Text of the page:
It would be unfair to set a date for any wave of COVID, as the behavior of the coronavirus is unpredictable and a disciplined and effective response to the pandemic can help the country avoid any major outbreak, COVID working group head V.K. Floor. Amid growing concerns about the Delta plus variant, Paul, who is also a member of Niti Aayog, said there is still no scientific evidence to support the new variant being highly prevalent or reducing the effectiveness of the vaccine.
In an interview with PTI, Paul said that another wave of any size will depend on several factors, including overall discipline in terms of COVID-compliant behavior, testing and containment strategies, and vaccination rates.
“In addition, the unpredictable behavior of the virus could also change the dynamics of the pandemic. In such a scenario, their complex factor would determine the chain of transmission and outbreak.
“The emergence or non-occurrence of any wave is in our hands. In my opinion, it is unfair to set a date for any wave, ”he said. Daily new COVID cases have dropped from four million during the peak of the second wave of COVID to around 50,000 in the past few days, and the unblocking or lifting of restrictions is under way in many parts of the country.
“If we are determined, disciplined and have an effective response to the pandemic, we can avoid any major outbreak,” Paul said. Currently, three COVID vaccines – Covaxin from Bharat Biotech, Covishield from Serum Institute of India (SII) and Russia’s Sputnik V – are being used for inoculation in India.
When asked about the Delta plus variant, Paul said the scientific knowledge about it was still in its infancy.
“The so-called Delta Plus variant shows an additional mutation in the Delta variant, and since this is a new variant, the scientific knowledge is still in its infancy.
“Whether this additional mutation in the Delta variant is associated with increased transmissibility or excessive disease severity, or with any adverse effect on vaccine efficacy, is currently not clear, and we should await this information.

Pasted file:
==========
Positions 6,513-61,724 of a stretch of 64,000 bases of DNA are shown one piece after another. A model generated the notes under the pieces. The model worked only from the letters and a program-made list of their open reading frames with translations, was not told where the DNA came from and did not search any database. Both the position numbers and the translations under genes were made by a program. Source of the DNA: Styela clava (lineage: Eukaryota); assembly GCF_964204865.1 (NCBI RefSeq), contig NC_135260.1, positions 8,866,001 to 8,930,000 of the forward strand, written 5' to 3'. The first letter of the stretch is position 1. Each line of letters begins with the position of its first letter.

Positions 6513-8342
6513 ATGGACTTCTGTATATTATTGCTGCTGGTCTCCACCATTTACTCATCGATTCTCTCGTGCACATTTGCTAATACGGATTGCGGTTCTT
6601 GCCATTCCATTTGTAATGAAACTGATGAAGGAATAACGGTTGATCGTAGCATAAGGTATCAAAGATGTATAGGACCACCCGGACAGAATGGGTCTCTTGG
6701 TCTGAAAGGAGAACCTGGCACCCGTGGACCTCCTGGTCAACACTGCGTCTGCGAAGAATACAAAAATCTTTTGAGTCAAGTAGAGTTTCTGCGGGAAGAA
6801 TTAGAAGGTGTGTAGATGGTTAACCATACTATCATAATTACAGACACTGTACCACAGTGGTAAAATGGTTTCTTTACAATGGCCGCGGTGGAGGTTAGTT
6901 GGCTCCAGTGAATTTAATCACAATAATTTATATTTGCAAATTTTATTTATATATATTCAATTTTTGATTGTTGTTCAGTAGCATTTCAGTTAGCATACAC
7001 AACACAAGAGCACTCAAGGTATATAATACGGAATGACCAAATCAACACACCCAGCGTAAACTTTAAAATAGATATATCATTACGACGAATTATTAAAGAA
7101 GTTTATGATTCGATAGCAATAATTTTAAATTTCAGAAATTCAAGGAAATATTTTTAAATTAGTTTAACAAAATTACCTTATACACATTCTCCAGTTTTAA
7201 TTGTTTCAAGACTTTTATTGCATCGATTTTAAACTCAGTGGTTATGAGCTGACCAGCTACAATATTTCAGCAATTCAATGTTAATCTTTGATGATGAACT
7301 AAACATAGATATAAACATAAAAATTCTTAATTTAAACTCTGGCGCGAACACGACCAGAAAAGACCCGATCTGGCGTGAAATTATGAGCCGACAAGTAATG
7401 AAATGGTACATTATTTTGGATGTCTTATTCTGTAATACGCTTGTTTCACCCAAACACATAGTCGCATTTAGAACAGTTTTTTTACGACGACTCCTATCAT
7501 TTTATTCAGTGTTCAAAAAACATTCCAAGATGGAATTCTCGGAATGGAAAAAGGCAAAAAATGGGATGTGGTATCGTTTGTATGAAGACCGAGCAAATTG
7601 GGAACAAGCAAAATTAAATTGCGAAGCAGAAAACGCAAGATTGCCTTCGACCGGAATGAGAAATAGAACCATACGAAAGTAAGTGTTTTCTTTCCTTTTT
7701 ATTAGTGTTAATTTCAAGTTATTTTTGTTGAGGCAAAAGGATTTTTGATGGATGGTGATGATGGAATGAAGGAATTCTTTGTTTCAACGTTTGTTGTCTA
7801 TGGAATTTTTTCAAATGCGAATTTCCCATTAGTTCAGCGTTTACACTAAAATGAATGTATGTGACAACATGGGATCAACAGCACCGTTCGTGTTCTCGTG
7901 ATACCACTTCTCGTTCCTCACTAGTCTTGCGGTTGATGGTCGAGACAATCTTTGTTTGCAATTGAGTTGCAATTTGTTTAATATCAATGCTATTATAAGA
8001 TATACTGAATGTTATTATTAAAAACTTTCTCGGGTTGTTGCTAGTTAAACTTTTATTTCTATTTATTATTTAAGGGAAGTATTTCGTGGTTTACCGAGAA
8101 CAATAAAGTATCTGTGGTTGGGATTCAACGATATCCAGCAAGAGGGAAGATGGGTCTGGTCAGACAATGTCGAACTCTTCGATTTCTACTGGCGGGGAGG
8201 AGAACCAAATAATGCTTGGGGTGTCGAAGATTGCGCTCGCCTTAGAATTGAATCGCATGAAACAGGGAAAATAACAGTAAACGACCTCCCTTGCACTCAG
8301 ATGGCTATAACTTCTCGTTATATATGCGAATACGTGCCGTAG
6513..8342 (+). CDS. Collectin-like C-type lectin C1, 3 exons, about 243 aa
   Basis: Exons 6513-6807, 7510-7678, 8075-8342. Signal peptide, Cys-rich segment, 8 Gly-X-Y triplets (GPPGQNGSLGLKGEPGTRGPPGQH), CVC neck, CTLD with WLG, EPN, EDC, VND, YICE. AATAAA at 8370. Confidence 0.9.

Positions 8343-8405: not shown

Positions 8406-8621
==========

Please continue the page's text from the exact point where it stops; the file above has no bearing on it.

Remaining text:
“And we must wait for a systematic study of these aspects,” he said. On June 11, a new viral variant of the Delta Plus coronavirus was identified and was recently classified as a variant of concern.
Regarding the effectiveness of Covaxin and Covishield against the Delta variant of the coronavirus, Paul said that, based on the scientific assessment of the ICMR, both vaccines are effective against the coronavirus, including the Delta variant, which is currently the predominant variant in the country.
ICMR is the Indian Council for Medical Research.
When asked if India is close to paying compensation to foreign vaccine manufacturers such as Pfizer and Moderna, Paul said the problem has multiple dimensions and it is unwise to give a time frame to address such problems.
“The discussion on how to pave the way for internationally developed vaccines to India continues. This problem has many facets, and we are trying to find an agreed way forward as soon as possible.
“We are trying in every possible way to accelerate progress,” he said. However, he did not elaborate on compensation issues in connection with the approval of vaccines produced by foreign companies. Reparations is one of the issues that remains to be resolved between the authorities and the companies – Pfizer and Moderna – regarding the approval of their respective vaccines for use in India. On progress in filing Bharat Biotech Covaxin’s application for Emergency Use List (EUL) certification from the World Health Organization (WHO), Paul said the process is progressing very well.
“Additional documents were presented by the company last week. We would like to see an accelerated data verification and hope that a decision will be made very soon, ”he said.
Regarding whether the government is considering narrowing the gap between the two doses of Covishid, member Niti Aayog indicated that the country has decided to increase the interval between doses for Covishield to three months after carefully evaluating the scientific evidence.
“Such decisions are made by the National Technical Advisory Group on Immunization (NTAGI), which includes our leading scientists. It is this group that should study additional data, additional scientific information and make decisions based on scientific principles.” – he said.
Last month, the government increased the interval between two doses of Covishield from 6-8 weeks to 12-16 weeks. “For now, they have decided to continue with the current dose schedule,” Paul said.